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Hulu’s Users Want Longer Ads



By Joe Hall

If you are a frequent user of Hulu, like I am, then you are aware of the 30 second ads that are placed intermittently through our favorite programs. However, Hulu has been experimenting with ad placement for quite some time now and has recently released their findings that 88% of those polled would rather watch a two minute ad before the program begins with no other ads following, then the typical 30 second bits through out the program.

It appears that Hulu’s creative ad placements and options are paying off. According to a report last month that states that Hulu will soon surpass YouTube in ad revenue.

Hulu also states that the high opt-in rate for longer ads is a sign of possible increase in ad engagement. Giving the user more choices only increases their wiliness to engage, right?

In my honest opinion, I don’t think ad engagement will be affected with longer ads. In fact it might decrease. Here’s the way I see things:

Yes, I would opt in for the two minute ads at the beginning. That will give me just enough time to make a quick trip to the bathroom, read email, check Twitter, pick my nose, grab a beer, order pizza, or do anything other than watch a commercial. And now that I have made this decision, I have just done everything needed to sit back and watch 30 Rock commercial free! Thanks for the choice Hulu!

Find out more about Joe Hall.

  • http://www.speak-tome.com Ted Murphy

    I guess I think that $20 cpm’s for video ads will go the same way as pop unders and various other rich media gimmicks. They have a certain shock value, but the audience soon learns to ignore them.

  • http://www.terryhoward.net/ Terry Howard

    That scenario makes sense if it’s a dry, boring ho-hum ad. In that case, I totally agree. However, in the age of DVR I will stop and watch something that looks interesting, commercial or not. It doesn’t have to be expensive with high production value, but clever, humorous, interesting, all the things advertisers SHOULD be doing will get you eyeballs regardless.

    To me advertisers with predictable formulaic ads complaining about losing eyeballs due to delivery method changes sounds a lot like movie and music producers blaming sagging sales on P2P at the same time they are putting out half-assed unoriginal crap like Bee Movie and Kanye West.

    Terry Howard’s last blog post..Walmart FAILS Web 2.0

  • http://garryegan.com Garry Egan

    As a regular HULU watcher, I think you guys got it wrong, respectfully. You are forgetting to include a crucial viewing pattern: repeat episode watching.

    My first 2m commercial I watched was for DOVE body wash. Yup, I got up and got a beer, frosty glass, sweet pour. I came back to he tail end of the 2m clip, around 30s to go.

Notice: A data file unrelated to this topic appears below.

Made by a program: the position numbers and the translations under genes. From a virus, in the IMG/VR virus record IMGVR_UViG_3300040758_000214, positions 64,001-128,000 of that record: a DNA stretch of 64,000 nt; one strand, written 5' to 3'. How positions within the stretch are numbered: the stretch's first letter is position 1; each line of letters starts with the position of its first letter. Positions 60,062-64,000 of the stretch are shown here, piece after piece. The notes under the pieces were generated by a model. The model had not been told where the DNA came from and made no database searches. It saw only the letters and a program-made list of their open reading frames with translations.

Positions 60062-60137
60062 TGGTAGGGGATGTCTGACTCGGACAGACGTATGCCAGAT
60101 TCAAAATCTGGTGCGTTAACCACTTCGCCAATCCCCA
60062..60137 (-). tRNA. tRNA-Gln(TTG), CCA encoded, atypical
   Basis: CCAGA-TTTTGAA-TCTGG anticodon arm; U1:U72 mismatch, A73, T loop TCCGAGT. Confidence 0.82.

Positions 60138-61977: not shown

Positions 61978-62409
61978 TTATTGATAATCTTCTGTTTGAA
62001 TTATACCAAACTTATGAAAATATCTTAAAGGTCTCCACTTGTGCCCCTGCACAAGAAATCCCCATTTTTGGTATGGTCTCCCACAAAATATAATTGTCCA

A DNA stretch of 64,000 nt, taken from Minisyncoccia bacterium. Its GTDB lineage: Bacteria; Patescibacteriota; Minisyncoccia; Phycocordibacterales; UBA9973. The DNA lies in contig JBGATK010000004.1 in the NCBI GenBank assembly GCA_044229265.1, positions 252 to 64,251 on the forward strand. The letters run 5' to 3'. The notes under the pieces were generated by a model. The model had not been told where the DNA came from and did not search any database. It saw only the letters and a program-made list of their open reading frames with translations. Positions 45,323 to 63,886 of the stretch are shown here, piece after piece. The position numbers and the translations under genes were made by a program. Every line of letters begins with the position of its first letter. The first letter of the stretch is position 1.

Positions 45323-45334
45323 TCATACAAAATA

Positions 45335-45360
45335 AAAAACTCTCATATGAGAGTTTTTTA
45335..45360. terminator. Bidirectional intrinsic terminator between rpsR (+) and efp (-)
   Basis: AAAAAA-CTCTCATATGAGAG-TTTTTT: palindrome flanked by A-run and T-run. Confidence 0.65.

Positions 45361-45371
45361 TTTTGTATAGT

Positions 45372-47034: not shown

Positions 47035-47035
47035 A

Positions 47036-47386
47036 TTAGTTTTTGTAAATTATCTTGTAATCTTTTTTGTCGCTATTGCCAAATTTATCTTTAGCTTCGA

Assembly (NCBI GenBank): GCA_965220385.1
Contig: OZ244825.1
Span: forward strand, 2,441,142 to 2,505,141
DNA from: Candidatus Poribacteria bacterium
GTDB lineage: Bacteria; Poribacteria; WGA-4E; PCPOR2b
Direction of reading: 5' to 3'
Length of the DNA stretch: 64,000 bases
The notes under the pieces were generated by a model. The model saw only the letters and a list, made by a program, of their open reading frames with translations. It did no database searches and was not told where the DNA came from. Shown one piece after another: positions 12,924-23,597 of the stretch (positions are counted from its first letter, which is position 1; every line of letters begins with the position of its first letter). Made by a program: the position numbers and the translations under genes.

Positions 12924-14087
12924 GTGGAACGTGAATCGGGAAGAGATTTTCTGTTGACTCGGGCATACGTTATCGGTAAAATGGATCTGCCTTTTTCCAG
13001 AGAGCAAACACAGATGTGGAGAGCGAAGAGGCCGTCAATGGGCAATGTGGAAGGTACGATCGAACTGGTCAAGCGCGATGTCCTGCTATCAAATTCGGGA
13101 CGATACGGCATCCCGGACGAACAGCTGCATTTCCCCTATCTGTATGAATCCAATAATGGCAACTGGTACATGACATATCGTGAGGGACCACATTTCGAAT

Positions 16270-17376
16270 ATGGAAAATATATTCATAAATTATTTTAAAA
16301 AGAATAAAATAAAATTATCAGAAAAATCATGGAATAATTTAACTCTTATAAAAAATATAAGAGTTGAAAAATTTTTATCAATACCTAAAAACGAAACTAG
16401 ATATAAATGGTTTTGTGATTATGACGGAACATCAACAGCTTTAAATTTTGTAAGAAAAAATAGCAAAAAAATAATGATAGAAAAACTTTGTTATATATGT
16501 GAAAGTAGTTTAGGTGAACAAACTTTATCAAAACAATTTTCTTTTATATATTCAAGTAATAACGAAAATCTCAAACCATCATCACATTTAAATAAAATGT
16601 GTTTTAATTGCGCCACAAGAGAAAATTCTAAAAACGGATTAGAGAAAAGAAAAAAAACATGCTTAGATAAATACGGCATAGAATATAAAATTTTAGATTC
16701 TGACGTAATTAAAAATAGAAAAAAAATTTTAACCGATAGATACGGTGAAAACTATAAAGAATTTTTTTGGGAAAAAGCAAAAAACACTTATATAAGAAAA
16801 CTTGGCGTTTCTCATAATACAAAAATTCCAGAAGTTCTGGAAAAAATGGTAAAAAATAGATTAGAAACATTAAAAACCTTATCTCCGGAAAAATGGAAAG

I watched KITCHEN NIGHTMARES uninterrupted.

    I then watched another HEROES and viewed the full 2m commercial for WALMART.

    The 3rd viewing, I was not offered the uninterrupted choice.

    I still remember the brands and THAT goes a long way (i.e. the friggen goal).

    Garry Egan’s last blog post..ROFLSERP – When You Have Achieved Total SEO Niche Market Domination

  • http://www.saadkamal.com Saad Kamal

    I didn’t know that Hulu was doing so well in terms of revenue. So they are catching up with youtube? Thats pretty amazing.

    Saad Kamal’s last blog post..Google Adwords Ad Quality Videos

  • http://www.greatpriceshere.com Nicole Price

    I would imagine that like Garry, most people would simply go off to do something else for the two minutes rather than watch an ad, unless it is for the first time that the ad is running and it is interesting enough to watch. I doubt that anyone would watch it repeatedly.

    Nicole Price’s last blog post..Stylish Cookware

  • http://thecakescraps.com David

    I agree that it makes sense for users to pick the 2 min ad. They get a chance to go do something else.

    The issue is that it will make it less profitable for the company running the ad. Repetition drives a point home much more than anything else – even if you hate to admit it.

    I am not sure what the right answer is for Hulu, or any video service, but you may as well do some testing – i.e. give them a specific url to go to or something. Interaction will probably be low, but given a random sample from two groups you could still get an idea of which one prompts the viewer to act more.

    Just my thoughts.

    David’s last blog post..Sales Over Scarcity